Anyone who does not rent their living space owns it, and the modern American housing market is a robust one. It has largely recovered from the 2008 crash, and now, many more young adults than ever are looking for houses to buy. This means turning to real estate agents for help, and a real estate company in the area may offer suggestions on a good property for the client’s price range. Some people buy houses as a means of investing in property, too. These real estate agents may also help a client look for waterfront homes on the Florida coast, which are often attractive to older (often retired) buyers who have a large budget for this. But even younger adult clients can turn to real estate agents to find a house, and they may enlist the aid of a real estate lawyer, too. The same is true for finding a condo. What should a resident of Florida keep in mind when they are looking for waterfront condos or suburban houses to buy?
Buying a House
When a client hires real estate agents, they may get some assistance from CMA reports, or “comparative market analysis.” After all, a home buyer does not want to pay more than what is fair for a property, and sellers do not want to set a price that is too high or too low. Thus, but home buyers and sellers ask real estate agents to provide CMA reports to generate fair prices. This is done by scoping out the prices of local houses of a similar size and type, and this may include houses on the market, those that sold recently, or both. Doing this will generate a median or “meta” price for houses of that type in the area, and that prevent s a seller from setting a faulty price. A too-high price won’t attract buyers, and a too-low price is a huge loss upon sealing the deal. Meanwhile, a home buyer can make use of CMA reports to avoid houses whose prices are too high according to a CMA report’s meta analysis.
Whether a buyer is looking for expensive waterfront properties or something more “typical,” they may want to consider the location, too. The running joke of “location, location, location” is only a mild exaggeration, since the presence or absence of local features greatly impacts property prices in surrounding neighborhoods. Even a nearby highway and its on-ramps can make an area more appealing. Other features may include schools, offices, shopping districts, entertainment, parks, and more. Families may like some neighborhoods more than other just on merit of what is nearby and what is not. Neighborhoods in busy parts of a city are close to many of these attractions, and will have higher prices to match.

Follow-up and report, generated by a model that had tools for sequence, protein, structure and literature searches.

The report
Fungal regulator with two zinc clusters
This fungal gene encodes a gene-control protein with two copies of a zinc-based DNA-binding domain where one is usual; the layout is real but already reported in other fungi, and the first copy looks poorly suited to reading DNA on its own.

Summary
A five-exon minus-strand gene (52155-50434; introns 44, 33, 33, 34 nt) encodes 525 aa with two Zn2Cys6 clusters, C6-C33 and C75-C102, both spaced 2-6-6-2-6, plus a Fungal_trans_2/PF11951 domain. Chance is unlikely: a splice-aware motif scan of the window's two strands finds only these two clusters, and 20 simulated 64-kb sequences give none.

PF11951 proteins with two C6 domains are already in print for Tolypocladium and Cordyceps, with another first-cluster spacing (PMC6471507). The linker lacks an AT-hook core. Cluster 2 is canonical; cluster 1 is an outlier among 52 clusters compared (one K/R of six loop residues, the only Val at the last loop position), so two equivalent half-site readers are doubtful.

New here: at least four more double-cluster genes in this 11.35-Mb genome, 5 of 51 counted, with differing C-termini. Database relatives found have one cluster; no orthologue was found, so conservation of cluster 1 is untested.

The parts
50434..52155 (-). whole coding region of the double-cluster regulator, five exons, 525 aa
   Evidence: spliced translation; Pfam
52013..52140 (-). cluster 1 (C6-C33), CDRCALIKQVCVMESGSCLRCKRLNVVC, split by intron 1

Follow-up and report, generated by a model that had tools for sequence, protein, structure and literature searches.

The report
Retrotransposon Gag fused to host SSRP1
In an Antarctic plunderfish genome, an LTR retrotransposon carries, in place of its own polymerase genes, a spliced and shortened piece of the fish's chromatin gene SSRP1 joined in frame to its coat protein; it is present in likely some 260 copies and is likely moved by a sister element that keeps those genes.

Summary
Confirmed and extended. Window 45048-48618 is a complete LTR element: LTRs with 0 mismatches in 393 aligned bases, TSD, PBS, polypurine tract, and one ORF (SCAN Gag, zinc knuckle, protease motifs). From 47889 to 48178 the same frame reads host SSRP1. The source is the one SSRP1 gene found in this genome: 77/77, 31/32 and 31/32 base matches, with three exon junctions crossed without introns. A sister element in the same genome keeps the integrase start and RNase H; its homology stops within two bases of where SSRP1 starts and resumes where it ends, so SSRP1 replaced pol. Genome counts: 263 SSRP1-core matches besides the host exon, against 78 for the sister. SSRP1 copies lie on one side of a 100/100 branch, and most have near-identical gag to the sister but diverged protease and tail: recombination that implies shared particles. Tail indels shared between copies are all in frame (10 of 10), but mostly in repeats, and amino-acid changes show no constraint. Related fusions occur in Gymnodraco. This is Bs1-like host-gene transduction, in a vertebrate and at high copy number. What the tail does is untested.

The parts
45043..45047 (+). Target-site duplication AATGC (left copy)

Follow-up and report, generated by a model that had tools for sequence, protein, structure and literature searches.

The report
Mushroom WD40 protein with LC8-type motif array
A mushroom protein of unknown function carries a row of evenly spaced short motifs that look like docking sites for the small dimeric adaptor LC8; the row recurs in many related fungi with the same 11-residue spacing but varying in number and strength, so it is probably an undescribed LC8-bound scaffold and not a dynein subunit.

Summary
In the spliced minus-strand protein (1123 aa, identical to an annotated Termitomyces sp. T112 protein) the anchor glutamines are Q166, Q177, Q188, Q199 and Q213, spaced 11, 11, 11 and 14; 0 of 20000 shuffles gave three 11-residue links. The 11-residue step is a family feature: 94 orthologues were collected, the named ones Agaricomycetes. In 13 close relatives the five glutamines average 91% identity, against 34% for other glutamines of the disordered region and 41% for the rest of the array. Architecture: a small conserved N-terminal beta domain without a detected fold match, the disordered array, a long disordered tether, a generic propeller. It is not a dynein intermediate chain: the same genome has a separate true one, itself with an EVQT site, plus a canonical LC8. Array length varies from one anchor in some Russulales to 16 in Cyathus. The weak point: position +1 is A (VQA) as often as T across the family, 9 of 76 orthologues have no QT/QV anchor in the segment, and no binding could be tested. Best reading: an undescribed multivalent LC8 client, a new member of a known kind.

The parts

Meanwhile, a home buyer may refer to not only CMA reports that real estate agents provide, but also look online to review some houses in an area. This helps a buyer narrow down the list of which properties suit their needs and which do not, based on square footage, the number and types of rooms, the house’s age, and even factors such as the type of roof. Undesirable houses can be struck off the list this way, and the home buyer may then visit other properties in person along with real estate agents.
A personal visit is essential so that the buyer can get a full sense of what a house is like, or “get a feel for it.” Not only that, but the buyer may review all of the hardware in the house, and check for any defects or problems that would not be shown on the website. This may range from creaking floorboards or drafty doors and windows to faulty lighting fixtures, water damage on drywall, termite damage, or anything else. This is especially important when reviewing older houses. But if the previous owners performed some remodeling before they moved out, some areas of the house (both inside and outside) may be up to date, in good condition, and look appealing. The kitchen and master bathroom are common remodeling targets, to update cabinets, plumbing, floor tiles, and more. The old owners also might have had new windows put in, or had the roof’s tiles fixed.